"And ye shall know the truth, and the truth shall make you free." John 8:32

Sunday, November 4, 2012

How Important is a Good Foundation? Part 5

It was a painful experience for the Harmon family to be cast out from their beloved church, but they were not willing to give up the truth for just a place in the church. The truth was so precious to them that nothing could convince them to cast it away. Though all may forsake them they would stand firm.
This same spirit filled many of the Millerites as their churches began to close their doors to the Advent message.  Charles Fitch, who gave up his pastoral position to become a Millerite preacher, summed it up this way: “I knew that the world would reproach me. I knew that God's professed people would cast out my name as evil. I knew that the friends whom I loved most dearly would many of them, perhaps, weep over me as lost. I knew that the confidence of the churches with which I stood connected, would be withdrawn from me, and perhaps all my past prospects of a maintenance for myself and my household be entirely cut off; but I knew that my Redeemer lived-and that all power was given unto Him in heaven and on earth and that I had only to ‘seek first the kingdom of God, and His righteousness’ (Matthew 6:33), nothing doubting that ‘He who feeds the fowls of the air, and clothes the lilies of the field, as Solomon was never arrayed in all his glory’ (Matthew 6:26,28-29), would surely feed and clothe me and mine.’”  {1840 CF, LPN 1.57}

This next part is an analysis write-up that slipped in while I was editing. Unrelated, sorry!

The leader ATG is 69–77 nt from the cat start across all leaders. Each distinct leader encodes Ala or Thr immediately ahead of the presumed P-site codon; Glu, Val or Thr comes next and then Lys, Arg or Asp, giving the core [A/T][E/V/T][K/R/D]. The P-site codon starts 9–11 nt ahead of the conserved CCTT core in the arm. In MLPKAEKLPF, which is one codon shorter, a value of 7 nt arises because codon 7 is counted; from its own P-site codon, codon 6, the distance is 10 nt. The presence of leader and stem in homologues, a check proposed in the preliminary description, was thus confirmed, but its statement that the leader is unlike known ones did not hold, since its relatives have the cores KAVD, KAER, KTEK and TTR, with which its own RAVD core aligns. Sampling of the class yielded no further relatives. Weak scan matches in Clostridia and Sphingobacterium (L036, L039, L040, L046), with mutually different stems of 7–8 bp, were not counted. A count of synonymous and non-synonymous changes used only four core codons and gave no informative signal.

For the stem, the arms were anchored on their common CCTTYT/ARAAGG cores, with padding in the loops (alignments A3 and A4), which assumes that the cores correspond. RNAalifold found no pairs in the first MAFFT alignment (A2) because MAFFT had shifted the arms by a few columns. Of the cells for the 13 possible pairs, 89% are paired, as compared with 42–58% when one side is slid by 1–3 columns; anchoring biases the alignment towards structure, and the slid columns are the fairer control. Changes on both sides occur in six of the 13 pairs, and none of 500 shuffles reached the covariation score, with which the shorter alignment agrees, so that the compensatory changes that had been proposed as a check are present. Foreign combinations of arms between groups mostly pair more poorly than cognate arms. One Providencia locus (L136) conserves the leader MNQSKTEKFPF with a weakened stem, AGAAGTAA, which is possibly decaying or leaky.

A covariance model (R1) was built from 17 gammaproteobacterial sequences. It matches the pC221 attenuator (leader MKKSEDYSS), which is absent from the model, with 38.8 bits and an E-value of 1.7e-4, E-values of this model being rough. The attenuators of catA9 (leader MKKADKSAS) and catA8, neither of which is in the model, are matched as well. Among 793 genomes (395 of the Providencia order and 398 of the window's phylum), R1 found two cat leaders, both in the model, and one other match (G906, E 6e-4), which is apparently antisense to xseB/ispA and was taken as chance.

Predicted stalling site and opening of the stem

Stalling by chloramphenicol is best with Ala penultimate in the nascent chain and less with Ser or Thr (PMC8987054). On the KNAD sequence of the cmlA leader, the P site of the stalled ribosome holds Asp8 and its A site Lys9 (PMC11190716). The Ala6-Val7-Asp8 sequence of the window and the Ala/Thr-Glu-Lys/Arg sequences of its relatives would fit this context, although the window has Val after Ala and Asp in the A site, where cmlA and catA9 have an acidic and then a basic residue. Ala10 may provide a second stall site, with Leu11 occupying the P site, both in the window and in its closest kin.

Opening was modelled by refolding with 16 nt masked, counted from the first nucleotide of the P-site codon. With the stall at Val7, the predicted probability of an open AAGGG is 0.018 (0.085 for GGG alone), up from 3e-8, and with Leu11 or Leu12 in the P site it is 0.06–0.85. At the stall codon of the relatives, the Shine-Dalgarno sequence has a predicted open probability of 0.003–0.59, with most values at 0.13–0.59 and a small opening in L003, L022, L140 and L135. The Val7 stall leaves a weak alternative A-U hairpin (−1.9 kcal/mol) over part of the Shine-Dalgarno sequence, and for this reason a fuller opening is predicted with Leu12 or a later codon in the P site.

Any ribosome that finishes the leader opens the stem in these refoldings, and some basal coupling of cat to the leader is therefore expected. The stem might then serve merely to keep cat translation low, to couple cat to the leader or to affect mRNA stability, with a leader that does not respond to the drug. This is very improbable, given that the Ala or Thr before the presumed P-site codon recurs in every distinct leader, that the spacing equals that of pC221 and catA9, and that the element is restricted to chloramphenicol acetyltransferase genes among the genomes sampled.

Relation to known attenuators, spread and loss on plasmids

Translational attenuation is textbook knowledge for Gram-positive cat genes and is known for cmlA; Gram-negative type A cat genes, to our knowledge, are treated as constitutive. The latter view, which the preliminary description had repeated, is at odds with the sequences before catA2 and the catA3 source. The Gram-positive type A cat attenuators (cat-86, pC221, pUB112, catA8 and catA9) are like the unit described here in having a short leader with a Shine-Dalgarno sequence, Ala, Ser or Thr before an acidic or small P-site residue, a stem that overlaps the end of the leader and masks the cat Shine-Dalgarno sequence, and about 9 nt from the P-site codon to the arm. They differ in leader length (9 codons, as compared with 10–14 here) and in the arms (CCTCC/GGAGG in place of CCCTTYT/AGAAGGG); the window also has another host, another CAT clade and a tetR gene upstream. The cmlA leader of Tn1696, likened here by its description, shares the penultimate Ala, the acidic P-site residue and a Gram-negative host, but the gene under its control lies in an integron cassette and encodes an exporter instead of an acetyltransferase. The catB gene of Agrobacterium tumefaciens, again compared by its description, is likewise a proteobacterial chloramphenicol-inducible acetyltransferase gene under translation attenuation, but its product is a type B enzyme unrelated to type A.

Even though the Millerites were being cast out of their churches, and hated by their own brethren, Yet they carried the message on- afraid of neither friend or foe.  As these faithful watchmen blew their trumpets to warn the world of its coming doom, they also looked for the soon appearing of their precious Savior, who was believed to come anywhere from the spring of 1843 to the spring of 1844.
                But as month after month slipped by, and no Jesus appeared, some lost their faith and turned against the truths they had once loved. Then as the very spring of 1844 came and went and still no Christ had arrived, many of the faithful believers could no longer bear the test and also left the message to bitterly oppose it and its followers. All were disappointed, but some held firm their faith.  They could not understand why their Jesus had not come, but they determined that they would trust Him to the end.
“We were perplexed and disappointed, yet did not renounce our faith. Many still clung to the hope that Jesus would not long delay His coming; the word of the Lord was sure, it could not fail. We felt that we had done our duty, we had lived up to our precious faith; we were disappointed, but not discouraged. The signs of the times denoted that the end of all things was at hand; we must watch and hold ourselves in readiness for the coming of the Master at any time. We must wait with hope and trust, not neglecting the assembling of ourselves together for instruction, encouragement, and comfort, that our light might shine forth into the darkness of the world.” Christian Experience and Teachings of Ellen G. White p. 49 
These faithful Bible students reopened their Bibles to examine were they could have possibly gone wrong in there reckoning of the time.